Well, then this boy ended up in the same kindergarten class as my son. This WAS a damaging teacher. I pulled my son out after she was cruel to him -- she admitted it and thought it was a wise way to handle him. However, she was widely known for never identifying someone for intervention, she hates kids leaving her class for any reason, disrupting her schedule. So this other boy, who still needed intervention, would have benefited from continued early intervention, was denied it for a year. (Yes, I know this for a fact, from talking with other parents from that class.) That's damaging, lifelong damaging. And preventable.

Josh Hayes said...

Here's a question: with the emphasis on "exiting" poor teachers, surely there's a strategy to recruit excellent teachers to replace them, right? What's that strategy? Where are the skilled, experienced teachers going to come from, since they're not exactly thick on the ground now?

And no, "Teach for America" doesn't count. WV agrees: it's simply paltrid.

CCM said...

Dorothy,

I don't doubt that there are teachers that do long-life damage to some children - I just believe that it isn't the majority.

The question is - with the current reform effort structured as it is right now - would it have helped with your situation?

Bird said...
This comment has been removed by the author.
Dorothy Neville said...

CCM, absolutely, I agree that the current reform effort, the measuring teachers on student test results would NOT affect the teachers I have known that were damaging or just plain mediocre or burned out.

What I am agreeing with Andrew on is that there are MANY people who do feel left out, who know their kids' educations were damaged by teachers and are therefore embracing the rhetoric of the reform movement. It's a real and legitimate issue and those fighting the ed-reform/deform movement should not ignore it and need to acknowledge it.

I mentioned this particular example because of your comments that sound dismissive of the reality of damage some kids face. It's not just self esteem and it is not just a "life lesson" for kids to deal with a less than ideal teacher.

Bird said...

Dorothy's example is a good one. There are damaging teachers. There are bad teachers. Almost everyone has had experiences with them.

It's important to note, however, that I don't see how MGJ's plan for using MAP testing in evaluations would help one whit with ridding schools of teachers like the one in Dorothy's example.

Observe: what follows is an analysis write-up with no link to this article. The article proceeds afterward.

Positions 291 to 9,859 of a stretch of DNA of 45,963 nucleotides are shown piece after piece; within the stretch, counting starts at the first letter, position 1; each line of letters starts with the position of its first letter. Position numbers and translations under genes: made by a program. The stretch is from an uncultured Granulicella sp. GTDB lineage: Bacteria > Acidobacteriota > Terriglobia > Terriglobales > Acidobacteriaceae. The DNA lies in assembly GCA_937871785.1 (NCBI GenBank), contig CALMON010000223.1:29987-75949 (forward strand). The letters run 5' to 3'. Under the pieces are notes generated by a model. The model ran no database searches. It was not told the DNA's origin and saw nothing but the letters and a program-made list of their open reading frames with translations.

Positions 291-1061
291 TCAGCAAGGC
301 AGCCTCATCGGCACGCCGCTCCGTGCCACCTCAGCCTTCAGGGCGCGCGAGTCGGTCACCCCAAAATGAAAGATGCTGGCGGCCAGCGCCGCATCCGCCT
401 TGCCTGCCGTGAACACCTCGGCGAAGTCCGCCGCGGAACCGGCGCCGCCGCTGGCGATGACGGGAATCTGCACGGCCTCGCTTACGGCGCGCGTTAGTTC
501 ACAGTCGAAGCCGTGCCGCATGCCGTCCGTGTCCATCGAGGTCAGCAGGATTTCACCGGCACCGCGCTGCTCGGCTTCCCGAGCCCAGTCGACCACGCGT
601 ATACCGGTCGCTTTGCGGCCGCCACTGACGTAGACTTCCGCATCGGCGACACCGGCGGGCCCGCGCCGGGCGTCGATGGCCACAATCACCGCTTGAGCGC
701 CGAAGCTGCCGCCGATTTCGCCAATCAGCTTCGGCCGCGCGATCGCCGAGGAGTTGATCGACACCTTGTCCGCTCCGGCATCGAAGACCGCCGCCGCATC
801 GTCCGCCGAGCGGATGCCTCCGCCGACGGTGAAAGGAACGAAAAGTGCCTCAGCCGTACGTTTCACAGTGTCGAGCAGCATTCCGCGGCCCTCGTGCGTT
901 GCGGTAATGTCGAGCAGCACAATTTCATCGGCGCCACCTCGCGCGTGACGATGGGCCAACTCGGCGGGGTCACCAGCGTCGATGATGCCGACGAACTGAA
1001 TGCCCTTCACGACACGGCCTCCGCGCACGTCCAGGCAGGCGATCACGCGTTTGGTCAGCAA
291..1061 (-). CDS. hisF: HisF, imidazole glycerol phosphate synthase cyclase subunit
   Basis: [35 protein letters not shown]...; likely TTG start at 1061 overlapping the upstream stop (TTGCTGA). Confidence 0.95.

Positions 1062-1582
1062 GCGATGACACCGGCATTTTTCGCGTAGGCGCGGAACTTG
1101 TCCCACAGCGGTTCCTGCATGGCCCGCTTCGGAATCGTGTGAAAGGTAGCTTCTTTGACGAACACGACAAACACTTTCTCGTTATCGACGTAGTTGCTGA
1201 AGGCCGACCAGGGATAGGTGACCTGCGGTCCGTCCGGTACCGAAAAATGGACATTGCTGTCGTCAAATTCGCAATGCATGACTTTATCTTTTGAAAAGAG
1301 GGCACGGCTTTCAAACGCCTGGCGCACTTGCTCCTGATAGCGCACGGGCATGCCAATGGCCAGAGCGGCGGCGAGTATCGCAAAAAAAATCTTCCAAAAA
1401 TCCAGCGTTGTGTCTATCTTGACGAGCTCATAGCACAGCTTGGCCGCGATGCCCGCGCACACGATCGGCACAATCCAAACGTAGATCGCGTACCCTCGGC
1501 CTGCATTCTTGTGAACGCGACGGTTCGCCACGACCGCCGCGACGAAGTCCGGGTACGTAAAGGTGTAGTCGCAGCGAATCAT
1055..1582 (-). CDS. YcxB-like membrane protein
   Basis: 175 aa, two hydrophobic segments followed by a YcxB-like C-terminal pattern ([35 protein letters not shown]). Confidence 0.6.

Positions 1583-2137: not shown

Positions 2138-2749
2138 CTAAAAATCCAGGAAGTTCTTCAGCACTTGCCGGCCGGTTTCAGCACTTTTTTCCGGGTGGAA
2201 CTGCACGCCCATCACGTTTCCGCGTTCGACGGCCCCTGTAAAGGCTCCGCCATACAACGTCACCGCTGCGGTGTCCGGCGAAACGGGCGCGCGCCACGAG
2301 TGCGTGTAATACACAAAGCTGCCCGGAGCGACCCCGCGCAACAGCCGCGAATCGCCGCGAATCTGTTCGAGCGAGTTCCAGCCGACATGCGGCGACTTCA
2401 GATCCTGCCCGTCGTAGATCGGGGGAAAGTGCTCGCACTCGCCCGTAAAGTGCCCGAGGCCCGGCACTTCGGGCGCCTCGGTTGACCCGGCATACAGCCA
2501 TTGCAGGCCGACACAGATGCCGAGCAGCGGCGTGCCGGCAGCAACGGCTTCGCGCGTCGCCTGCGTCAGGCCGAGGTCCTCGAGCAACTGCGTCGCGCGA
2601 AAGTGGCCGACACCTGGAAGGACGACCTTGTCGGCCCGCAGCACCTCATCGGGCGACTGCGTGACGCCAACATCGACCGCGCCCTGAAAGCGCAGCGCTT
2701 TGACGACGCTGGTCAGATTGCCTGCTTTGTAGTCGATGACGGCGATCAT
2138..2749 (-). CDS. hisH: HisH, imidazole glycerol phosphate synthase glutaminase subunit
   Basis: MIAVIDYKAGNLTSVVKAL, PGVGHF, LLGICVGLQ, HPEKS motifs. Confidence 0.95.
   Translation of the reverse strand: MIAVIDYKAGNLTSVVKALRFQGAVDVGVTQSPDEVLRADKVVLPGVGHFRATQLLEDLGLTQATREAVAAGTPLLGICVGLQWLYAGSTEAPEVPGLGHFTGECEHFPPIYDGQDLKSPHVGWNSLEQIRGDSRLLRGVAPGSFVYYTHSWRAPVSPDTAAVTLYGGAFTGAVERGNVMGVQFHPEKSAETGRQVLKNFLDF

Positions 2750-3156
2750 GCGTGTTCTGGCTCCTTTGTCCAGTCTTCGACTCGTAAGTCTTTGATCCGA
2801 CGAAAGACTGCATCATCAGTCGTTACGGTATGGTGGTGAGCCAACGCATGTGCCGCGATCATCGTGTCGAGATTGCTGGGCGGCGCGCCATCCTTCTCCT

My kid hit a bad teacher the first year of school. I don't think it did any damage to my kid's test scores though.

I seriously doubt she would have been removed based on test scores for the class.

If you asked parents, however, nearly all would agree that the teacher wasn't really doing much more than showing up each day and that she needed to be moved along. And indeed she didn't last out the year.


Admittedly, I don't think the reform agenda is really directed at my kid.

It's directed at kids who are in schools that are filled with kids working well below standard.

Oddly enough, schools in our district like this (take Hawthorne, for example) already have a high rate of teacher turnover. Looking at Hawthorne's stats, the teaching staff looks like it skews heavily toward rookies. I suspect the the last thing this school needs is more turnover.

CCM said...

Sorry Dorothy - didn't mean to sound dismissive.

I can only relate what I have seen and experienced and appreciate your insight.

From what I have experienced during our eight years of public school in three different districts is that I have seen amazing teachers, good teachers, ineffective teachers and teachers that probably shouldn't be teaching anymore (and our our kids have attended high FRL% "failing" schools that most would say are targeted by the current reform effort)

The issues that made the schools "failing" in the reform movements eyes will not be "fixed" by the current reform effort to target the "bad" teachers because that is not the MAJOR problem in these schools.

Certainly I hope that all children get the interventions that they need when they are faced with a truly "bad" teacher -- or a "bad" parent, relative or stranger for that matter.

The current school reform that is being delivered is not going to give them that assistance.

Dorothy Neville said...

"It's important to note, however, that I don't see how MGJ's plan for using MAP testing in evaluations would help one whit with ridding schools of teachers like the one in Dorothy's example."

Absolutely. And that is a big reason I am fighting the levy. The levy, and now the TIF grant, validates the move to measure teachers using student test scores. The Central administration will GROW! At least three positions (from the SERVE proposal) and now that they have TIF grant, perhaps even a larger department, just devoted to creating the TBD algorithm of "value-added measure."